It means accepting that calling, walking in that way of redemption out of the filth of the flesh.
For which of you, intending to build a tower, sitteth not down first, and counteth the cost, whether he have sufficient to finish it? Lest haply, after he hath laid the foundation, and is not able to finish it, all that behold it begin to mock him, Saying, This man began to build, and was not able to finish. Or what king, going to make war against another king, sitteth not down first, and consulteth whether he be able with ten thousand to meet him that cometh against him with twenty thousand? Or else, while the other is yet a great way off, he sendeth an ambassage, and desireth conditions of peace. So likewise, whosoever he be of you that forsaketh not all that he hath, he cannot be my disciple.
Have you counted the cost, brethren? Have you analyzed and accepted the fact that you have been called? Have you evaluated the state of your calling and where you are on that troublous road—that narrow way which leads to life? Have you counted the cost of what is required of you in order to achieve salvation—the reward that God is offering? Are you as committed now as you were when you were first called and when you accepted that way? Or, do we not all, very likely, need to stir up that Spirit within us, get focused again, prepare ourselves for the tests, trials and tribulations that are yet ahead, which are going to be even greater than any that we have seen in the past? “. . . whosoever he be of you that forsaketh not all that he hath, he cannot be my disciple.” Is it worth it, brethren? Is the redemption that God has offered—the opportunity to escape the way of sin and the penalties that lead to every evil in the flesh—worth it?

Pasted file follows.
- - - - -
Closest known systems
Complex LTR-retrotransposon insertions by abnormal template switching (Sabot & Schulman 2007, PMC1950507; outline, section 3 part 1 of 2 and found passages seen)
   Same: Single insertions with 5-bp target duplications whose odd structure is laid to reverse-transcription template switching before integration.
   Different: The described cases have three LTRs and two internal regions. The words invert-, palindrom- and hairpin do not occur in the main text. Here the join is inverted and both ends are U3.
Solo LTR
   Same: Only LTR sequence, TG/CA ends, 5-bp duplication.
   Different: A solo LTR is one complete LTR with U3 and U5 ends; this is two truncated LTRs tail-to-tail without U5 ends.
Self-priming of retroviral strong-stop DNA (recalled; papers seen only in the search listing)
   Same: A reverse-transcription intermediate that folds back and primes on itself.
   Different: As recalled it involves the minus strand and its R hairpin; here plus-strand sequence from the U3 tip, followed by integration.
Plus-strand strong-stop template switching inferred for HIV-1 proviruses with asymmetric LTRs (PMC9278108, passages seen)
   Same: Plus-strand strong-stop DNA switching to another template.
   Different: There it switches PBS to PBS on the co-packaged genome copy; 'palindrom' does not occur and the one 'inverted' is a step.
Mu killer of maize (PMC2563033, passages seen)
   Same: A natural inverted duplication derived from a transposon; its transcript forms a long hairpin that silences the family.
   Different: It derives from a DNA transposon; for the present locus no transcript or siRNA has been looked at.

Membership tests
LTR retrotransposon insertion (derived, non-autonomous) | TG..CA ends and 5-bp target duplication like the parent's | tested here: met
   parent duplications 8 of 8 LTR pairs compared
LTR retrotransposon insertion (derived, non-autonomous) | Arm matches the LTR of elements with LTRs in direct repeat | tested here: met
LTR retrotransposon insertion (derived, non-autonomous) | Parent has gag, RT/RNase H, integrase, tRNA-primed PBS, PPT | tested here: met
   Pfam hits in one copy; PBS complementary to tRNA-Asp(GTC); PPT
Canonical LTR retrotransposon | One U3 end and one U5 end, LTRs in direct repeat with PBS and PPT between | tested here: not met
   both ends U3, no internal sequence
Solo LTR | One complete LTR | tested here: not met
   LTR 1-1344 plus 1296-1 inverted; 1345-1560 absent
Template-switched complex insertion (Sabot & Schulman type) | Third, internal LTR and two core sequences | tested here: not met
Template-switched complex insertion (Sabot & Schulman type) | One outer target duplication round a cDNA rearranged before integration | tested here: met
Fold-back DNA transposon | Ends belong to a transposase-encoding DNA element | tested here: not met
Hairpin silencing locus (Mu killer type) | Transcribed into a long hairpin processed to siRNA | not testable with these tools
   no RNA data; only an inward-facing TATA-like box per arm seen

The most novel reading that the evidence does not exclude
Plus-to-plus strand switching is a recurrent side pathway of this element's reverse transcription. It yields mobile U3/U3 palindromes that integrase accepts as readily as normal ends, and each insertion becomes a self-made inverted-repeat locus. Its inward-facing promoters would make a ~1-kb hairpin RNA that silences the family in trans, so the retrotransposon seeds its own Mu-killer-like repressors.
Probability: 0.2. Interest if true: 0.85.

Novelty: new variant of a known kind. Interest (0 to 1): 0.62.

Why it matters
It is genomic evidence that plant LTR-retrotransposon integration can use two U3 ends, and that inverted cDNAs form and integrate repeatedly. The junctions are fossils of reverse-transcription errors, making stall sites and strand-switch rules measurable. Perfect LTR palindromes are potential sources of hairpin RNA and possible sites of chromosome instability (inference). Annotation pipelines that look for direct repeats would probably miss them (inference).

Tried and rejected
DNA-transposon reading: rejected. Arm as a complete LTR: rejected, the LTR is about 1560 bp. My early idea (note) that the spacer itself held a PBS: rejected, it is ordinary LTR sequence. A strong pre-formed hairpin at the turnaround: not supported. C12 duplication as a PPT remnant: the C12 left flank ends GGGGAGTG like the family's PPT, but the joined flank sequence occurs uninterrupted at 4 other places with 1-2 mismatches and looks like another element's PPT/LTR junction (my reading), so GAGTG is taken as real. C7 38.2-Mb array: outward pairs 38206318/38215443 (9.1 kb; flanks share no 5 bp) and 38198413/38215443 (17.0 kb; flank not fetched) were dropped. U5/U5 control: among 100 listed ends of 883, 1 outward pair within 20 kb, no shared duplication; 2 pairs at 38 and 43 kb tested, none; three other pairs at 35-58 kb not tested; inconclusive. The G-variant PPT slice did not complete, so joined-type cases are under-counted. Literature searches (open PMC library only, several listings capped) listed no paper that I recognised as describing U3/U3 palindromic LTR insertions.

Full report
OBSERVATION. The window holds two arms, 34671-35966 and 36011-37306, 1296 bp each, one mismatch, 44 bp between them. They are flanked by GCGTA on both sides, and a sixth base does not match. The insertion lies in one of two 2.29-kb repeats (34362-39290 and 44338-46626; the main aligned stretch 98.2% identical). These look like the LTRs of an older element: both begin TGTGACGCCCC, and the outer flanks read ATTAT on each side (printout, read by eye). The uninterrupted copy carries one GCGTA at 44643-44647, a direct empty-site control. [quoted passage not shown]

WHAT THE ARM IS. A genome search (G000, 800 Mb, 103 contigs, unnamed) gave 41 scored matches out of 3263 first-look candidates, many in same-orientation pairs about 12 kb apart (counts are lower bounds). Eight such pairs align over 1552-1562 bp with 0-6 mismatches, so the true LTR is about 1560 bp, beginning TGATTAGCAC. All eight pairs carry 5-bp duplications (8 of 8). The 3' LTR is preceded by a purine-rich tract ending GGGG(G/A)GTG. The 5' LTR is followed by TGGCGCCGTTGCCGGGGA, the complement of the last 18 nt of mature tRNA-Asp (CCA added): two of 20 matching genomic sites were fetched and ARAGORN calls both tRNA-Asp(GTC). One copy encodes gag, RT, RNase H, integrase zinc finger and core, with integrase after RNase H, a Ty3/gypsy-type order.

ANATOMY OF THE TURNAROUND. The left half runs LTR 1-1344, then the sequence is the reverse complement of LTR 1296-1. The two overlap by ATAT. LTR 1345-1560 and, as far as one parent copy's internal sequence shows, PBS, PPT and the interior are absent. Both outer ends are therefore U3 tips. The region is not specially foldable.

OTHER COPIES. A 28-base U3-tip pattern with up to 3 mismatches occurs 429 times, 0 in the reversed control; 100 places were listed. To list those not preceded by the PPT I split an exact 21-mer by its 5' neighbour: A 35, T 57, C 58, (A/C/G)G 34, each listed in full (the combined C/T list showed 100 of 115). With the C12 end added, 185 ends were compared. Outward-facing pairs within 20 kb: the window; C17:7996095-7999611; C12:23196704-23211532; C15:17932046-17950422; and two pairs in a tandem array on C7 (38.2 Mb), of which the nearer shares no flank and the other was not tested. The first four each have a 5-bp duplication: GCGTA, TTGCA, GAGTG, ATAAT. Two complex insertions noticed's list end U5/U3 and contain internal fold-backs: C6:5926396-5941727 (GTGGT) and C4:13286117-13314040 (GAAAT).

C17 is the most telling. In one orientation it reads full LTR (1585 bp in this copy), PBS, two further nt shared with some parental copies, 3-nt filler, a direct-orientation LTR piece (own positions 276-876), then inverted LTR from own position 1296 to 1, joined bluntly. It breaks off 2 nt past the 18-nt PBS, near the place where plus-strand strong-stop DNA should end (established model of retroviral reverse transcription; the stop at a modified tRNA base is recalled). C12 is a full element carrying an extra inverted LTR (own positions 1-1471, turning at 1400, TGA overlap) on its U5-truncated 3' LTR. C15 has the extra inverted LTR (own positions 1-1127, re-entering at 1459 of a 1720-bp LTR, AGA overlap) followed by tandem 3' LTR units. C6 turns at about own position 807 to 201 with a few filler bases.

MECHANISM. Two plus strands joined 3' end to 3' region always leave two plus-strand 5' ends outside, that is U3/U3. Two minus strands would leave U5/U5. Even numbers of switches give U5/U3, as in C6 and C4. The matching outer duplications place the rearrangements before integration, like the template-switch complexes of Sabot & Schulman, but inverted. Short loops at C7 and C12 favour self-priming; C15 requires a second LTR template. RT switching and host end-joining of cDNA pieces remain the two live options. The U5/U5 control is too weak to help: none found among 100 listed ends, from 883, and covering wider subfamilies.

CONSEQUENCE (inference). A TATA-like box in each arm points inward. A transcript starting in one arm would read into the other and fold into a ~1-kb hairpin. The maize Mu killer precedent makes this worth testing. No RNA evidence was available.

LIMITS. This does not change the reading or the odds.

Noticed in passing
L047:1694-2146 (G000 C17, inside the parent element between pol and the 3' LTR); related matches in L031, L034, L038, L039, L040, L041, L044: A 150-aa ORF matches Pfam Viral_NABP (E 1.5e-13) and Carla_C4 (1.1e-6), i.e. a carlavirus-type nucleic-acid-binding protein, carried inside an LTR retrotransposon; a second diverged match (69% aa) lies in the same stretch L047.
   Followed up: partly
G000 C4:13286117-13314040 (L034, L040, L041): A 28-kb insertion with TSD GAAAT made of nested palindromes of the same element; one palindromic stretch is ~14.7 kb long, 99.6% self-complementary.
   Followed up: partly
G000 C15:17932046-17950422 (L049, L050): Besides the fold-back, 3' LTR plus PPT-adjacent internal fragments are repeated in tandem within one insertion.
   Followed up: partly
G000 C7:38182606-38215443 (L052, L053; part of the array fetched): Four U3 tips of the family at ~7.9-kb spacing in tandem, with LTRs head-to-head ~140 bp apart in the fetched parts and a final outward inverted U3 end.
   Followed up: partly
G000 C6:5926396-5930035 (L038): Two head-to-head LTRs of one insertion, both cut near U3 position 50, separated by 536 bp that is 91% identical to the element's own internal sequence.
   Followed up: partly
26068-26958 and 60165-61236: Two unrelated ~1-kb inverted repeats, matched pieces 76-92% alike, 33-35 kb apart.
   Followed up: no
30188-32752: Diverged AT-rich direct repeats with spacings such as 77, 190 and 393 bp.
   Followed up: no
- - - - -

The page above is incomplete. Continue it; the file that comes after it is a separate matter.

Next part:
1 Corinthians 2 and verse 9 in closing:
But as it is written, Eye hath not seen, nor ear heard, neither have entered into the heart of man, the things which God hath prepared for them that love him.
Yes, it is beyond our wildest imagination to fathom what it is that God has offered. How priceless, how glorious, is that salvation—that opportunity—if we can only get the picture, if we can only see it in our mind’s eye to the best of our ability.
. . . Eye hath not seen, nor ear heard, neither have entered into the heart of man, the things which God hath prepared for them that love him. But God hath revealed them unto us by his Spirit . . .
And so, He has. If you understand it, if you see it, if you fathom the plan of salvation that we were taught from the beginning of this age, then yes, you have received that revelation, that opportunity.
But God hath revealed them unto us by his Spirit: for the Spirit searcheth all things, yea, the deep things of God.
If we love it as a pearl of great price, if we are willing to make the sacrifices to walk on that troublous road, then we can be redeemed through the process of character development.